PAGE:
Burn the evidence

Jets don't want to see game film of Saturday's 7-1 shellacking in Detroit


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DETROIT -- Winnipeg Jets' coach Claude Noel frequently talks about playing the right way.

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Hey there, time traveller!
This article was published 11/12/2011 (4128 days ago), so information in it may no longer be current.

DETROIT — Winnipeg Jets’ coach Claude Noel frequently talks about playing the right way.

Noel ought to keep handy the video of Saturday night’s NHL game at Joe Louis Arena, where the Detroit Red Wings schooled the Jets to the tune of 7-1.

The Wings and their wizard-like puck movement, after an iffy first few shifts, lit up Jets goalie Ondrej Pavelec like a Christmas tree, flashing and twinkling included.

“I don’t know if I need to see it twice — I’ve seen it,” Noel said after the shellacking abruptly halted the Jets’ four-game winning streak. “I’ll sit on the plane and try to decide where we go next, how we’ll deal with this.

“You want to do the right thing. I’m not sure how I’ll make that assessment. I’ve seen some of it between periods. It was awful.

“What it was, was the mental breakdowns. And sometimes that’s directly related to certain things. That’s the disappointing part, the mental breakdowns. We were defending well up to this point.”

A commitment to defending is one of the main reasons the Jets have climbed above the .500 mark, now at 13-12-4.

It was a limited category for the Jets against the 18-9-1 Wings, who have now won nine in a row at home.

“Even the first period we were OK,” Noel lamented. “I didn’t like the way we weren’t protecting inside the dots but we still got out of it 2-1.

“We’ve got to regroup on Monday and go from there.”

Today will be an off day for the Jets, and Tuesday, the Western Conference-leading Minnesota Wild play at the MTS Centre.

Saturday, matters didn’t appear that dire after the first period, though Detroit’s go-ahead goal late in the period was a disaster with two causes — a terrible line change matched up with a Henrik Zetterberg shot that went right underneath Pavelec.

“All five guys can’t change there,” said Jets captain Andrew Ladd. “We have to have someone at least holding that far side, hold them up a little bit. To give Zetterberg a slapshot, a one-timer from the top of the circle, that’s a pretty dangerous thing.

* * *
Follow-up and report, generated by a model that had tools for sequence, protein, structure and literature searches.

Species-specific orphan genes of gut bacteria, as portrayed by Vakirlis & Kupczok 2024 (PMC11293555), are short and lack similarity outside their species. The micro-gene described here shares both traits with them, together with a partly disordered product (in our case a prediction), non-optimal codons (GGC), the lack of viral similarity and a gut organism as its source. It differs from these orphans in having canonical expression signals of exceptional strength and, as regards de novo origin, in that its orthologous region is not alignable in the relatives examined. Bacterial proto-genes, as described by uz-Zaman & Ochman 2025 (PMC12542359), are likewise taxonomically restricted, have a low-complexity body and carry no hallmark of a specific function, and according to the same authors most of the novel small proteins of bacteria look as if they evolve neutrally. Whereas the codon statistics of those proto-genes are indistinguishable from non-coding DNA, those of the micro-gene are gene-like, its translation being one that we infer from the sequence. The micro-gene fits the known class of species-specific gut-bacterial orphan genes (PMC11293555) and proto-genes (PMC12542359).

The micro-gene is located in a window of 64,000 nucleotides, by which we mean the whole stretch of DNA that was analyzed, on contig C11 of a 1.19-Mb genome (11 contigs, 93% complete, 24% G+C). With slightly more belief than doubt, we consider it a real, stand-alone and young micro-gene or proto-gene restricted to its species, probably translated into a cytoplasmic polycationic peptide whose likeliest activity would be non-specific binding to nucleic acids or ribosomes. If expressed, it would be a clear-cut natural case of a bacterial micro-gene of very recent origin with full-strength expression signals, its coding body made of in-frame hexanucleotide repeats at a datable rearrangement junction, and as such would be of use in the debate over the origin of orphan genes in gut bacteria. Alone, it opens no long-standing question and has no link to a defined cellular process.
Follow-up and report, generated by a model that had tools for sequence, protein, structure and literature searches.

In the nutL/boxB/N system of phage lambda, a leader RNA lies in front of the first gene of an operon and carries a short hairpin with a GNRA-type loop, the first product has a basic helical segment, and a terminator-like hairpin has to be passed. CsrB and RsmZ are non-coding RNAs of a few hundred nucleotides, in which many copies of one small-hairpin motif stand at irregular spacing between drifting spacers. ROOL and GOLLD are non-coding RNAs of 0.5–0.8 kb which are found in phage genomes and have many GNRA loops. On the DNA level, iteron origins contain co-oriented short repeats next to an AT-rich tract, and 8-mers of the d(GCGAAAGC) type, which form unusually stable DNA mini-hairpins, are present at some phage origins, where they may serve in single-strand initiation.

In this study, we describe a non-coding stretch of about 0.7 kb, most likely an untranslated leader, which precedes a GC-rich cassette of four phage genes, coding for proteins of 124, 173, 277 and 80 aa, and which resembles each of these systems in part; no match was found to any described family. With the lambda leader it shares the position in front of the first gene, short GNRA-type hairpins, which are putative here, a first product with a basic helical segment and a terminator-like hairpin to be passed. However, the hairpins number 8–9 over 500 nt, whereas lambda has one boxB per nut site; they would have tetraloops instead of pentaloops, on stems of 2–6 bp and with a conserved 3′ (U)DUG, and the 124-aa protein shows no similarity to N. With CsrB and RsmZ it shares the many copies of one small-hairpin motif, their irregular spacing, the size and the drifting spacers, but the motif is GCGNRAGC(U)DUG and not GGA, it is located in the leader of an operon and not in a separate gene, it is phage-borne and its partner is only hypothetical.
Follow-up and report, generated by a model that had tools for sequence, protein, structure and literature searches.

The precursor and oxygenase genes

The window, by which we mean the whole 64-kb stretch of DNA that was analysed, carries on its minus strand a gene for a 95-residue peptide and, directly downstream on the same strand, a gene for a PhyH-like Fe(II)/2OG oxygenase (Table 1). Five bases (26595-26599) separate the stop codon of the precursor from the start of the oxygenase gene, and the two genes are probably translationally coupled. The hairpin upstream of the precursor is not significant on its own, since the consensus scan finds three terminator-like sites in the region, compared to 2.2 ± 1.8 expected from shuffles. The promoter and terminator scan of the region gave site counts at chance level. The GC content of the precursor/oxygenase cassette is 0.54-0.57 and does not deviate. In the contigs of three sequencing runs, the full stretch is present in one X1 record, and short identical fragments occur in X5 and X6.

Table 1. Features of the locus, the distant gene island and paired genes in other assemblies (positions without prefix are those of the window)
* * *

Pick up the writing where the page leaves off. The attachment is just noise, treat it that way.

“Another mental error; we went wrong there.”

The way the Jets have played recently, that shouldn’t have been a mountain.

But it was.

Awareness was a particular Jets weakness on Saturday.

Defenders were poor at picking up Detroit threats around Pavelec, and the Wings, with their heady attack, scored a pair of second-period goals when changing players skated right into the play and had clear, in-alone plays at Pavelec while his teammates just weren’t looking.

Jiri Hudler had the first of those goals at 4:03, when the only one who took notice of him was teammate Johan Franzen.

Forty seconds later, little Chris Conner got credit for a pass that went off defenceman Randy Jones’ skate and that was that.

“I think the biggest thing was they made it 3-1, the wind certainly came out of our sails,” Noel said. “You could certainly feel the emotional level, for me, really left us quickly.

“When they made it 4-1 (40 seconds later), it was clear we didn’t have a lot there in the game. It was unfortunate, because you try to figure out ways to get this thing back on your side and we were empty. That was a concern.”

The crux of it was that early stretch of the second period, Noel said.

“It’s a 60-minute game,” he said. “What triggers do you have when things are close? Are you still there? The third goal was a disappointment, then boom, they turned around and scored the fourth goal in 40 seconds. That defined the game for me.”

The team’s travel arrangement to Detroit was kind of like an elephant in the room on Saturday.

After beating Carolina at the MTS Centre on Friday night, the Jets didn’t pull into their Detroit hotel until the wee hours of Saturday morning.

“In our zone, they did whatever they wanted,” Pavelec said. “We looked tired. We played a tough game last night and we got here at 4 o’clock. It’s not an excuse, but it’s fact. We have to forget about this and look forward. We have a lot of games coming and we’ve got to be ready for the next one.”

The travel was not something Noel wanted to hear about.

“Was it too big a mountain to climb?” he said. “I don’t know why. But there are no excuses. You can sit and paint this thing up as travel and all that stuff. That’s our job, to find a way to win games.”


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